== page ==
Why the Kalmiopsis Wilderness Is the Most Magical Place on Earth

And why 50 years of the Wilderness Act haven't done enough to save this awesome expanse.

By Daniel Wakefield Pasley September 2, 2014 Published in the September 2014 issue of Portland Monthly

What if I told you there was a savage Wilderness, walking distance from the In-N-Out Burger in Redding, California? A rugged land of spectacular scale—in spite of the Louisiana Purchase, Lewis and Clark, Manifest Destiny, the Gold Rush, Kit Carson, Caterpillar, and a failure in 1964 to protect Bob Marshall’s vision for a whole and permanently viable Wilderness System?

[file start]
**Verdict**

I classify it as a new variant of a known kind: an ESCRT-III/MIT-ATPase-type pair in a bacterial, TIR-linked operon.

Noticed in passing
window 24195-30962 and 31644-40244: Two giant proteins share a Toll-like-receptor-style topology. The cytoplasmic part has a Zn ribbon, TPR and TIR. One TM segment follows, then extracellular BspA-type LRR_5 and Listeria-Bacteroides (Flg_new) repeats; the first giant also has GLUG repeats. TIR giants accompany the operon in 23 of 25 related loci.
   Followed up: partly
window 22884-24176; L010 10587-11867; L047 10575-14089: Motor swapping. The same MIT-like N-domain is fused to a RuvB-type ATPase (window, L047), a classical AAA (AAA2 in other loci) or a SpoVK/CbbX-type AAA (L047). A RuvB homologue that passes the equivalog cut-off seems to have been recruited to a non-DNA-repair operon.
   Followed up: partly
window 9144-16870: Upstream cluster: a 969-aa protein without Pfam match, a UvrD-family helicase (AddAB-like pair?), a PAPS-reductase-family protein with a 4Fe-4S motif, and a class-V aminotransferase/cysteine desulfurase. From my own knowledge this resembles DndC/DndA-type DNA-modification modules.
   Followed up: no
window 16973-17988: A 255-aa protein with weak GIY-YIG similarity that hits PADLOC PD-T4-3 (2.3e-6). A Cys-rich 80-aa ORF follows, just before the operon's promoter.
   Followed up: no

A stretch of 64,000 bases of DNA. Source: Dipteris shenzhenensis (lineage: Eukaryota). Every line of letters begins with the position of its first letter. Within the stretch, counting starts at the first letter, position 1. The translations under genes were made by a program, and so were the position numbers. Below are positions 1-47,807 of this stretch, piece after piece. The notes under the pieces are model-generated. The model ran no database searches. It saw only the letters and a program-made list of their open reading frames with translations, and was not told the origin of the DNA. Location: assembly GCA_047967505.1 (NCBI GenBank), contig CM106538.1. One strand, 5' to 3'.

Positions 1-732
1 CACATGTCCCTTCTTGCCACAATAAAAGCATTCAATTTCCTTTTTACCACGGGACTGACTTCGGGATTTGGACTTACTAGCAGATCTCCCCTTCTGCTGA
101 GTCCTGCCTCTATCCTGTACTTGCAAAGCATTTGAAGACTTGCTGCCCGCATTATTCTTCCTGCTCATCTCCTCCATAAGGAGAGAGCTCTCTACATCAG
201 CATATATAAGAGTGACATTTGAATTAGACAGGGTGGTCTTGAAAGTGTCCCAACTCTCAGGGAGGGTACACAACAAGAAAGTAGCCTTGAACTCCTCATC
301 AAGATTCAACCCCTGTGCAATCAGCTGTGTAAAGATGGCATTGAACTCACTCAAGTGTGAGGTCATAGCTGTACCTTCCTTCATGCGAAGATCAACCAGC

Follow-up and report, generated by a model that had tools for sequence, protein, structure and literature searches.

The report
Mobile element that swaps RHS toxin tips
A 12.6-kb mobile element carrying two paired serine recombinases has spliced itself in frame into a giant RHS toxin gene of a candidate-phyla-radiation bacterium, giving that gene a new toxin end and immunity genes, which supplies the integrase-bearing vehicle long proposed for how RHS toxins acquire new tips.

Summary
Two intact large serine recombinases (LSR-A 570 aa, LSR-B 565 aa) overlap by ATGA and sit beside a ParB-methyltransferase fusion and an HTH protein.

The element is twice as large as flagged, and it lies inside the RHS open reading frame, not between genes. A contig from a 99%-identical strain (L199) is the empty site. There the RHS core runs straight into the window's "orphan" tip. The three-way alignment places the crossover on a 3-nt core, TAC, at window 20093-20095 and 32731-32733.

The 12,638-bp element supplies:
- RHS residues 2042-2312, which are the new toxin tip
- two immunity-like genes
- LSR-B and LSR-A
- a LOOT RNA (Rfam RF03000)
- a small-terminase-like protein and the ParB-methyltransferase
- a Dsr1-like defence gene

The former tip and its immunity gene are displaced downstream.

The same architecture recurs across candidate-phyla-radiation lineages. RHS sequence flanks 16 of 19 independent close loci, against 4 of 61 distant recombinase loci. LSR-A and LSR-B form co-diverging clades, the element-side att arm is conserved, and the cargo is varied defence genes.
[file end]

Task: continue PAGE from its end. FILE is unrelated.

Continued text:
In the 1930s, Marshall, director of the Forest Service’s Land and Recreation Department, proposed preserving the nation’s untrammelled wild landscapes. In ’64—50 years ago this month—Southern Oregon’s epic Kalmiopsis Wilderness became one of the first protected by the landmark Wilderness Act. The problem: only 76,900 acres of the 1 million Marshall envisioned made the list. In 1978, Jimmy Carter—thank you, Peanut Farmer!—expanded the Kalmiopsis to 179,000 acres. But the Kalmiopsis is still less than one-fifth its original proposed size, and only 194,000 acres of unprotected roadless areas remain. The water in that 194K is the most spiritually/physically/emotionally refreshing water ever created: the Holy Grail and the Fountain of Youth, tossed into a gorgeous ravine. There are other reasons to expand the Kalmiopisis, as environmental organizations desire: biodiversity, more types of trees than god, etc. But seriously, this is the reason you care: the most precious water in the world is literally under your feet.

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